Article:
Employees have been concerned about how the application of purchase-provider models affects their positions in the organization. The personnel have been afraid for their jobs especially if the municipals decide to adopt a model where competition is allowed. However, the adoption of the model has improved the employees' motivation and commitment to the organization. This may be because the responsibilities and organizational operations have become more transparent. The purchaser-provider models that apply competition to the models are few and thus, the worries of the employees have proven to be gratuitous.

Actors and positions

Description of actors and their positions
Government
Governmentvery supportivevery supportive strongly opposed
Providers
Public health personnelvery supportiveneutral strongly opposed
Payers
Municipalitiesvery supportivesupportive strongly opposed
Patients, Consumers
Citizensvery supportiveneutral strongly opposed
Private Sector or Industry
Private service providersvery supportivesupportive strongly opposed
Political Parties
Left-wing partiesvery supportiveopposed strongly opposed
Right-wing partiesvery supportivesupportive strongly opposed

Influences in policy making and legislation

Legislation has enabled the separation of purchasing and provision since 1993. In the new health care act (HPM 12/2008) separation of purchasing and provision in the municipal services has been mentioned among the alternatives according to which services can be organized. The project of restructuring municipalities and services (HPM 11/2008) has influenced especially the trend where small municipalities organize their services jointly according to purchaser-provider split.

Actors and influence

Description of actors and their influence

Government
Governmentvery strongneutral none
Providers
Public health personnelvery strongweak none
Payers
Municipalitiesvery strongvery strong none
Patients, Consumers
Citizensvery strongneutral none
Private Sector or Industry
Private service providersvery strongneutral none
Political Parties
Left-wing partiesvery strongstrong none
Right-wing partiesvery strongstrong none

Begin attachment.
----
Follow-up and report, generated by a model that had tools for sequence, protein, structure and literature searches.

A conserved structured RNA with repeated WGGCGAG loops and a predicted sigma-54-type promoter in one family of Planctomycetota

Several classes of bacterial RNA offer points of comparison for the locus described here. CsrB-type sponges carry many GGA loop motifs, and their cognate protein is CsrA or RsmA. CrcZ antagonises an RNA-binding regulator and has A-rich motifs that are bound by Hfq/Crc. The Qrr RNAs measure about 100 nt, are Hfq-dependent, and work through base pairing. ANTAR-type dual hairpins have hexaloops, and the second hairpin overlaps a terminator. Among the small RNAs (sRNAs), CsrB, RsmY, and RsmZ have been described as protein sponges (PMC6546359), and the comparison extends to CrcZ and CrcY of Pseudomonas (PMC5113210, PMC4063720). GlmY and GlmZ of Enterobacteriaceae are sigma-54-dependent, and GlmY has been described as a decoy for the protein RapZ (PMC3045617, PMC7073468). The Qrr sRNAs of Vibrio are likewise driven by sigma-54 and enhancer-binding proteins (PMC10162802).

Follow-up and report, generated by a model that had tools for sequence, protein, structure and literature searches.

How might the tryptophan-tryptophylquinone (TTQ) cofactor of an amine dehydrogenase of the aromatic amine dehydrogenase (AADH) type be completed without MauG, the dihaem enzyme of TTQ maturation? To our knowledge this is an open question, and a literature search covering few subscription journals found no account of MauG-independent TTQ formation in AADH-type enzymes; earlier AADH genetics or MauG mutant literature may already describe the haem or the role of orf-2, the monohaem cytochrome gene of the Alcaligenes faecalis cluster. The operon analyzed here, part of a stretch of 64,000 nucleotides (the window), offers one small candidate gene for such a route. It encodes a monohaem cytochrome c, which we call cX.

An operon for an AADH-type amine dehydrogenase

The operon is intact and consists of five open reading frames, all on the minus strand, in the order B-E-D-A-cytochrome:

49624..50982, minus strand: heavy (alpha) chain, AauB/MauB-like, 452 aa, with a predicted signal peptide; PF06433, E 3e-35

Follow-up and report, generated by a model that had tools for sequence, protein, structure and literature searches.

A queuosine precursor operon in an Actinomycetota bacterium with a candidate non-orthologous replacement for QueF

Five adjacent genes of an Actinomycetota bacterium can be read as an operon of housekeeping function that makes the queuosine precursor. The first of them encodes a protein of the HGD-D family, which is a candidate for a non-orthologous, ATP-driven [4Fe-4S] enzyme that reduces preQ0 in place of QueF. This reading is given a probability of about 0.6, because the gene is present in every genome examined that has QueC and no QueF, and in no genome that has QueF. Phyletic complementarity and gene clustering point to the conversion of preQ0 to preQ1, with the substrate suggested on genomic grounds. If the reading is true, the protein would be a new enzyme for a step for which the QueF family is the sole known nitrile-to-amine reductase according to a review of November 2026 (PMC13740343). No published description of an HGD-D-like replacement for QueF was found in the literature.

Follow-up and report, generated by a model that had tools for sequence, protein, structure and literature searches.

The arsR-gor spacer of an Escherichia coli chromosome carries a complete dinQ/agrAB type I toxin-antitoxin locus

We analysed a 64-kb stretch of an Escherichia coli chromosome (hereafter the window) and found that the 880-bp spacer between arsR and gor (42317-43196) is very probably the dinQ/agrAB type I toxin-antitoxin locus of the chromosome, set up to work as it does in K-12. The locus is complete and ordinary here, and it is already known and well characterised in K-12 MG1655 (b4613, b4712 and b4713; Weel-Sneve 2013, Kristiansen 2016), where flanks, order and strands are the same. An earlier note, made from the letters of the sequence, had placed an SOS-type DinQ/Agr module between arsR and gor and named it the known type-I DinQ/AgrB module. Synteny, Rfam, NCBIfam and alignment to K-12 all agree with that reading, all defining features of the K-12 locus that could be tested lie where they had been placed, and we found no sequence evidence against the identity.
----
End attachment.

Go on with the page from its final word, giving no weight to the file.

GovernmentPrivate service providersRight-wing partiesMunicipalitiesPublic health personnelCitizensLeft-wing parties

Positions and Influences at a glance

Graphical actors vs. influence map representing the above actors vs. influences table.

Adoption and implementation

Municipalities are free to decide whether they want to adopt a purchaser-provider model. To date several municipalities, mainly large or medium-sized, have adopted purchaser-provider models. However, the introduction of models has not been coordinated at the state level, which has led to a great variation between different models. Some municipalities (usually large cities) have changed the whole administrative structure of municipal services while some have introduced the model only in certain sectors. Especially small municipalities have employed purchaser-provider split as a way to organize services together with other municipalities. 

Presently, only a small fraction of municipal services is purchased from private providers. Separating purchaser and provider may, however, facilitate service purchasing from the private sector.

Monitoring and evaluation

As the municipals are free to decide how the municipal healthcare services are arranged, no formal, state-level monitoring or evaluation concerning specifically the purchaser-provider models is executed. There have, however, been some projects that have evaluated the success of the models and their impacts on the services.

Results of evaluation

There have been few evaluations of the purchaser-provider models in Finland. However, a research project MAISEMA, funded by the Finnish Innovation Fund (Sitra), has produced some data about the evaluation of some purchaser-provider models in Finland. It was found that:

  • Cost-effectiveness of the services has been improved compared to the time before the adoption of the model
  • Awareness of the costs and the value of the services have improved